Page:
Consumption in the exporting counties will, in my opinion, by and large be increasing faster than the world consumption overall.  

Therefore, if export capacity has fallen short of demand, markets will respond initially by drawing down inventories and increasing prices.  However, before too long, someone has to cut their demand, and it is going to be in the importing countries.   As I have repeatedly said, I think that we are looking at a 50% reduction in net export capacity a heck of a lot sooner than most of us anticipated.  


That graphic really hammers the point home. If Peak Oil doesn't get us in the short term, China's continued growth will. That's what I have been saying for a couple of years. I think we are still a few years off from the peak, but it doesn't really matter. I don't see us being able to close the supply/demand imbalance, and that will have effects very similar to a Hubbert Peak.


Perhaps yet another regime change is in the cards?
No, I think they'll leave us alone ;-)
Angola at #2!?  Equatorial Guinea made the list!?
PEAK SILVER according to the USGS, there are only about 13 year supply of Silver at current mining rates.  World production of silver is about 640 million ounces.

Year     World Production     World Consumption
 2004       634.4 million oz       836.7 million oz
 2003       611.2 million oz       853.4 million oz
 2002       607.4 million oz       838.7 million oz
 2001       611.8 million oz       867.0 million oz
 2000       587.3 million oz       904.0 million oz
 1999       548.5 million oz       867.9 million oz

This chart goes on and on.  As you can see what we have in silver is a Structual Deficit.  Now, some of the silver is recycled, but from 1942 to 2006, silver has been in a structual deficit for 6 decades.  In 1945 after WW2 the US Government had the largest stockpile of Silver in the world with over 4.5 billion ounces of silver.  Today, the US Government has no silver left.  Completely wiped out. In 2002 George Bush had to sign legislature so the Treasury could buy Silver on the open market to mint the Silver Eagle.

One, who is old enough can remember all the coins before 1965 had 90% silver.  For a few years after that there was only 40% silver.  Now the coins are clad worthless slugs.  Most of the silver coins have been melted down to supply the structual deficit.  

Governments, Central Banks and large private stocks have been depleted to fill this structual deficit.  The Silver Users Association, which was formed to be a lobby for Silver Industry, has enjoyed depressed prices from the Comex manipulation of Silver for many decades.  

Recently, Barclays has sent for approval of the BARCLAYS SILVER ETF to the SEC to be traded on the NYSE.  That is, silver will now be traded like a stock.  Every share will be worth 10 ounces of silver.  When Barclays announced their plans of the Silver ETF, the SUA was the first to publically argue against it.  The SUA felt it would create shortages and price spikes due to the fact Barcalys would have to accumulate over 130 million ounces of silver.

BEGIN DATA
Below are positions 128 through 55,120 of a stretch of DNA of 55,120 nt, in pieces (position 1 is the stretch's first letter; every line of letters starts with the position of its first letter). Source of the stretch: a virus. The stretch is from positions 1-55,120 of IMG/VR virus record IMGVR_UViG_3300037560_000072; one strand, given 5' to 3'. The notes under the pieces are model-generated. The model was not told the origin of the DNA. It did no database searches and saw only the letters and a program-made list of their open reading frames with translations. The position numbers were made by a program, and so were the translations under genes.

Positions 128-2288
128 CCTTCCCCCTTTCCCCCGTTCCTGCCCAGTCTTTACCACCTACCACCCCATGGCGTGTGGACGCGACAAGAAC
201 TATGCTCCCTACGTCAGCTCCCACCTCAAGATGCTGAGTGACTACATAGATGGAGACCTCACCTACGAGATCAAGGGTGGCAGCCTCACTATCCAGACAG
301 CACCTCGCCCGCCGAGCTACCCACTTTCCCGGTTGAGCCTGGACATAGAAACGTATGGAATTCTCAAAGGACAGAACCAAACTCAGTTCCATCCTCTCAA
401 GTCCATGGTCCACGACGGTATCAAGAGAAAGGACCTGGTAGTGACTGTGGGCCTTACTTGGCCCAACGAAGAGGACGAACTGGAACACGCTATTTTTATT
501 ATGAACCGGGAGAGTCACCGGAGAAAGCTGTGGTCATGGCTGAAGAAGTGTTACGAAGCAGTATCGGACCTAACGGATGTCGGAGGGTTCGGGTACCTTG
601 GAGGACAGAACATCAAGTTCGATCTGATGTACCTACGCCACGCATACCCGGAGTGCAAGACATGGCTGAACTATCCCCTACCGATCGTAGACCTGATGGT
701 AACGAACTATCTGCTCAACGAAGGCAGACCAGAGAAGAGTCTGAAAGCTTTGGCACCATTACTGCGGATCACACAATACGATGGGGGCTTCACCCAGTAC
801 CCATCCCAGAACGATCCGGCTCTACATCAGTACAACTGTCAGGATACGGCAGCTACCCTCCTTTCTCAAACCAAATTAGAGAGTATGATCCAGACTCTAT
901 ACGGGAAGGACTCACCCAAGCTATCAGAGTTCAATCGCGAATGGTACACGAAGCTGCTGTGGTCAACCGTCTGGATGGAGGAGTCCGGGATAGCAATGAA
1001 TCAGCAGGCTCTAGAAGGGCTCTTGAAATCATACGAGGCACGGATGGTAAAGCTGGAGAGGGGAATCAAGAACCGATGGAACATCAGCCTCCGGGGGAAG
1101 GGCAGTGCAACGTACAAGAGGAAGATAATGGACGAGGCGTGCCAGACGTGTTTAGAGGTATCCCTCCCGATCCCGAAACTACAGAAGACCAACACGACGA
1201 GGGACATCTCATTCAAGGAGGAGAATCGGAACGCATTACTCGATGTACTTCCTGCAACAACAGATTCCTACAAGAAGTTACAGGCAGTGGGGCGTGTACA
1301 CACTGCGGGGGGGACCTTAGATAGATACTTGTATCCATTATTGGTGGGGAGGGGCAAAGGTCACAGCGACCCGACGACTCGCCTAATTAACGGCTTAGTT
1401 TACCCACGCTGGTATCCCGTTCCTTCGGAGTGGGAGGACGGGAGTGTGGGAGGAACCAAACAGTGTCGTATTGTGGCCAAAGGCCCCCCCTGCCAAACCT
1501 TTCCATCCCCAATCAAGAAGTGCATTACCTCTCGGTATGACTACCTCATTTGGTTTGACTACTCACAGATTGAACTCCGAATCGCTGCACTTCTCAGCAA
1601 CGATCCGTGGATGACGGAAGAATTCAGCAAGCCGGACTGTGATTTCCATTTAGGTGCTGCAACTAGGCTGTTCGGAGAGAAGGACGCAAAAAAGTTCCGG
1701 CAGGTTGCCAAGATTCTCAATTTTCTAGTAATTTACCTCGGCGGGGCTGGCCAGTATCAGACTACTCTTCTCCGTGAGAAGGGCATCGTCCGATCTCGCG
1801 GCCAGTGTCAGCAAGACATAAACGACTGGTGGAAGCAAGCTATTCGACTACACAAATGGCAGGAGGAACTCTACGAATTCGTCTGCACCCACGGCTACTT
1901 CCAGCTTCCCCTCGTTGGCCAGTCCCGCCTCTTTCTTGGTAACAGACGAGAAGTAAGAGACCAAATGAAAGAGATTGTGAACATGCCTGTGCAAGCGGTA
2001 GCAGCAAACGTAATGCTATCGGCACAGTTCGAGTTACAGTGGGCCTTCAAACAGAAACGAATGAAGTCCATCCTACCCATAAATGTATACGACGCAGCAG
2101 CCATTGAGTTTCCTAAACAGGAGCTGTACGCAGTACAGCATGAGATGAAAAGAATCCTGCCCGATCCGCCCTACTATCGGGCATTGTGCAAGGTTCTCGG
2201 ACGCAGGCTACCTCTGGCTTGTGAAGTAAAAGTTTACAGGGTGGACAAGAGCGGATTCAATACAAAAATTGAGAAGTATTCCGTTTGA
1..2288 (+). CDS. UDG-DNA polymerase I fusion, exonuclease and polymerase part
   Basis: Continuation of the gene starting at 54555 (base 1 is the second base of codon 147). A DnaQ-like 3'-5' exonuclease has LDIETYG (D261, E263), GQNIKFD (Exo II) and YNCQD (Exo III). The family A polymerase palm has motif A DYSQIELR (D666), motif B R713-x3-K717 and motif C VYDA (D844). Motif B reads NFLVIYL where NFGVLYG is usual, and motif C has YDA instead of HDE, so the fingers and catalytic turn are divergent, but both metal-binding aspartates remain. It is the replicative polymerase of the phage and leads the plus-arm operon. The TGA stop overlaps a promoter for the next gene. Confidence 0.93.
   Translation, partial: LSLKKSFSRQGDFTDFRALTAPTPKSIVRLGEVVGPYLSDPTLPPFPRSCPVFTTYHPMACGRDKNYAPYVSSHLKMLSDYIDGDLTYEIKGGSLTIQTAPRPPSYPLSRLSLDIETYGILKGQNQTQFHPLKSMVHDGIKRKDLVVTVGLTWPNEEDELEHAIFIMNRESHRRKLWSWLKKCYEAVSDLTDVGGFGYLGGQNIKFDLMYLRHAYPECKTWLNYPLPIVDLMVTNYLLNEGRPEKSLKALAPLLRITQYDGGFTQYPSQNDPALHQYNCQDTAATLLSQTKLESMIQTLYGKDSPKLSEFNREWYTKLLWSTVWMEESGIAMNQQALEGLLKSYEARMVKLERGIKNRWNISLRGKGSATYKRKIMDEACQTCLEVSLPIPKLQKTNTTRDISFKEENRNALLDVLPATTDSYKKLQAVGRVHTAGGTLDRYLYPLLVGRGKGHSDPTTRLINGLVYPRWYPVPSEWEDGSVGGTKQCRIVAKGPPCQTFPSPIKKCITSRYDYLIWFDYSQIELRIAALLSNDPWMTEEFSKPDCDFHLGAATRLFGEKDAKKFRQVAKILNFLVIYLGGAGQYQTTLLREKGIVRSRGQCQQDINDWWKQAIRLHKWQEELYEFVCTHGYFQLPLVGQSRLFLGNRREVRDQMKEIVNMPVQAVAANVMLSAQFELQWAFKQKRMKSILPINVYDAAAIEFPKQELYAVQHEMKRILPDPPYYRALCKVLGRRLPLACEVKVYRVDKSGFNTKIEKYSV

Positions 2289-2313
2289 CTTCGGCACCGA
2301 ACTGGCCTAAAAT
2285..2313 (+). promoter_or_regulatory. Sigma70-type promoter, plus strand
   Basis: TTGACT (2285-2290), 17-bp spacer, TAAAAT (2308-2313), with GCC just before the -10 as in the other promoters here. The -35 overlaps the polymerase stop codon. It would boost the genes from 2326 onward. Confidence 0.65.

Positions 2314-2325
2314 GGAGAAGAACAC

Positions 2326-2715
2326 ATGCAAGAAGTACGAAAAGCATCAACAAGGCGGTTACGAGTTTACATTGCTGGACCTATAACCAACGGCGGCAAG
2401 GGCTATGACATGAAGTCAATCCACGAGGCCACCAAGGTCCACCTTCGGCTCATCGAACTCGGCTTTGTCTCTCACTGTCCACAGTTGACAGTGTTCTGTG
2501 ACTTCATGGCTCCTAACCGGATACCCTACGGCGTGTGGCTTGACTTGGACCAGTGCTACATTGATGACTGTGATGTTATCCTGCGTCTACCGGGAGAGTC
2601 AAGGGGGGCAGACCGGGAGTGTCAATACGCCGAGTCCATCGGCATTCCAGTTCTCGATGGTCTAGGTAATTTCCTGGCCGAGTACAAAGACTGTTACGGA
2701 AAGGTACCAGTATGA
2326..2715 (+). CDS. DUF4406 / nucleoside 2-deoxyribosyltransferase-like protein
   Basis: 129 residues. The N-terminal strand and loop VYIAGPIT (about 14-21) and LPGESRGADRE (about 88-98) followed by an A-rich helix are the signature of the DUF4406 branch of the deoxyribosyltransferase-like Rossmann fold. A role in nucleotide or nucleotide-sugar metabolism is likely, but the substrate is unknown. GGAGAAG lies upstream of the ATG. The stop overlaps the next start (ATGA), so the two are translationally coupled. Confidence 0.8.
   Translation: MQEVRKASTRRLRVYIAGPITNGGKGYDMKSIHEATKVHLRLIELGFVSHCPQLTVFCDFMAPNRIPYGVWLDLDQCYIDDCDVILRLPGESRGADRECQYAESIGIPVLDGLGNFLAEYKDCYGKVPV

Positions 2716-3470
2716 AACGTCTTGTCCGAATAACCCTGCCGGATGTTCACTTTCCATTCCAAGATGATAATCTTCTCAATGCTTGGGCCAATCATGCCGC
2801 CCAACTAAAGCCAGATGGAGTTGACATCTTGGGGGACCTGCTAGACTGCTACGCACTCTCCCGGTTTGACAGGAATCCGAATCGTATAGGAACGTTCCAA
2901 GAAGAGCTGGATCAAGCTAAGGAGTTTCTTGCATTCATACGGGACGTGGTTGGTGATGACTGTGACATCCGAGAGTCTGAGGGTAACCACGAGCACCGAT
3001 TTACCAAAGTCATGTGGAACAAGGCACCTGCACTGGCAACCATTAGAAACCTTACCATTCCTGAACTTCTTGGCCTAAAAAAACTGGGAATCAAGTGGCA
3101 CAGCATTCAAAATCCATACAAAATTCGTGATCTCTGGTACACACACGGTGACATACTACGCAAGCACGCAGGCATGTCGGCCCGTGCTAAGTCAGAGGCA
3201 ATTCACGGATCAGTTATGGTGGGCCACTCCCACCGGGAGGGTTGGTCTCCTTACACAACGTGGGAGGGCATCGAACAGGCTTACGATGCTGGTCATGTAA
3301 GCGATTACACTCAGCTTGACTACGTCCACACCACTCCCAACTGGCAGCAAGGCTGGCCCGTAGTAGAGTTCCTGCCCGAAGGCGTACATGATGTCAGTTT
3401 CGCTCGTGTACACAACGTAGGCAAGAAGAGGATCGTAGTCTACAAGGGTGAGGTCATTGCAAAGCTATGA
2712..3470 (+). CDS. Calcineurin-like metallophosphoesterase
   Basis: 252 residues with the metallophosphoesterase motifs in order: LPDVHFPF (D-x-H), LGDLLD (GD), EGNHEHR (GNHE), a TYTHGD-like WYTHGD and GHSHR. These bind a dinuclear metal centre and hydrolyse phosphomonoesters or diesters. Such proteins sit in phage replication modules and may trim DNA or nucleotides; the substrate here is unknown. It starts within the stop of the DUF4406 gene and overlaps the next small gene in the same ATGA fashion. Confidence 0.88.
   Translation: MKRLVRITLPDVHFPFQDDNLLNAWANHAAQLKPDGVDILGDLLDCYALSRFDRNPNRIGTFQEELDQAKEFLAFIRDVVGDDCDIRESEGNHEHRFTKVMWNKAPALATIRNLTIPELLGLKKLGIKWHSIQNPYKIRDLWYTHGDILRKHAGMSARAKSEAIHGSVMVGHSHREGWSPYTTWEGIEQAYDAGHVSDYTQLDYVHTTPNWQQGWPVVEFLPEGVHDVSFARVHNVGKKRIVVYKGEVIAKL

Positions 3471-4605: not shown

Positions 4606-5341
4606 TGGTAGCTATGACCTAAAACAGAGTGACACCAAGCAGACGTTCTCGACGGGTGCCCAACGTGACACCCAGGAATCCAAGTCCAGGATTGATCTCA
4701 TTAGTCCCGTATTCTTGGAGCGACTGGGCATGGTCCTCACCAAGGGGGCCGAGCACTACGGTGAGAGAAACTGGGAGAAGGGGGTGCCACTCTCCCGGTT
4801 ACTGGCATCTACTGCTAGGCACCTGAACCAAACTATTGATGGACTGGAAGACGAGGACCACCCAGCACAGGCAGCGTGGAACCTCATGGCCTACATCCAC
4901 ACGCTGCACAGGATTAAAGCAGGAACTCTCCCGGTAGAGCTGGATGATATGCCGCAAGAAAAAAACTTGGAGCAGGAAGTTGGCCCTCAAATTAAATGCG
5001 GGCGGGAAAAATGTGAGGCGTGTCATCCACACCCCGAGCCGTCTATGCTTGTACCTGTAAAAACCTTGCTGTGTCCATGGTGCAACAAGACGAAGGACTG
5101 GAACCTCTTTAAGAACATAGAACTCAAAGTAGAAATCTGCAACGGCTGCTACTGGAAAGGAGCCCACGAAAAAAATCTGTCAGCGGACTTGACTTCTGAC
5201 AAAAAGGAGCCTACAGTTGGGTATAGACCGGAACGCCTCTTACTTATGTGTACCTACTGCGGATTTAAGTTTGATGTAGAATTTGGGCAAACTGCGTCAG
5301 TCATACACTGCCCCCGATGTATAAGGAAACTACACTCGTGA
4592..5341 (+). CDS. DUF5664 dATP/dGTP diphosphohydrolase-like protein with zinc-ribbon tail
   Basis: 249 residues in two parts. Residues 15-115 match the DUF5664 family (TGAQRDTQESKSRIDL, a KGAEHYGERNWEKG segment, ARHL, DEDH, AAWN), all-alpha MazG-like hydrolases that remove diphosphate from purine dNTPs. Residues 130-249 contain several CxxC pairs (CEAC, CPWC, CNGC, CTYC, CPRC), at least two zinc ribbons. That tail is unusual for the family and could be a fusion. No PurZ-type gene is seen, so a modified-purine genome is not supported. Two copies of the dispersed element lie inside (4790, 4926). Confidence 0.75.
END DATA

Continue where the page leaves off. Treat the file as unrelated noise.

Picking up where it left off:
Ironically, the SUA has stated for decades that there was plenty of silver and a low price.  Those who knew better, understood the day of reckoning was coming when there were no longer any real above ground stocks of silver left to pillage.  There has been a manipulation of silver on the COMEX for decades.  Large institutions, have been buying and selling silver long and short contracts, controlling the price and making millions.  Today there are over a billion ounces of silver in paper certificates, leased and short contracts with only a mere 120 million ounces of silver in the COMEX warehouses.  A very interesting situation.

Today, if anyone has noticed, silver is going through the roof.  As Barclays Silver ETF has won primary approval from the SEC.  

Let me put this in perspective.  Lets look at the Silver history.

  30 billion ounces

TOTAL SILVER RESERVES  (according to the USGS)
   9 billion ounces

As one can see we have past PEAK SILVER.  But of course alot of silver is in silverware, coins, and bullion.  But today, silver is used in thousands of industrial applications.  A small amount is used in almost everything we use.  So these products, which many are in landfills, are not viable to melt down and recycle like silverware.  

Today, the price of silver is spiking because of many different aspects.  You might say a SILVER PERFECT STORM is happening.  Just in the last month silver went from $11 dollars an ounce to now $14.41.  We are in the beginning stage of what is termed the SILVER SUPER NOVA.

Anyone, who understands this, would buy all the physical silver one can get their hands on.  Because Silver will be the GOLD of the future.  Because Gold is not used much in industry, most of the GOLD ever mined is still sitting nicely in Vaults and Central Banks all over the world.  Matter-a-fact, there is 5 times the amount of Gold to Silver in above ground stockpiles.  So why is Gold more expensive than Silver?  Good question.

Its time to look at Silver.

Hmmm, it looks like the oil market is attracting some attention over at Morgan Stanley's Global Economic Forum ( http://www.morganstanley.com/GEFdata/digests/latest-digest.html ). On April 18, Stephen Roach wrote a piece titled "Oil and Bonds", and Richard Berner had a piece with some interesting analysis of the oil market. (Click on Archive, then click on April 18, to see those.)

On April 19, Serhan Cevik has a piece titled "Listen to Gaia." Just a few of the leading sentences from a few paragraphs:

  • "Supply-side shocks, reminiscent of the 1970s, push energy quotes higher."

  • "Only new technologies can reduce oil dependence and carbon emissions."

  • "Reliable, low-cost energy is a requirement for sustainable development."

Geez, is this Oil Week over at Morgan Stanley, or what??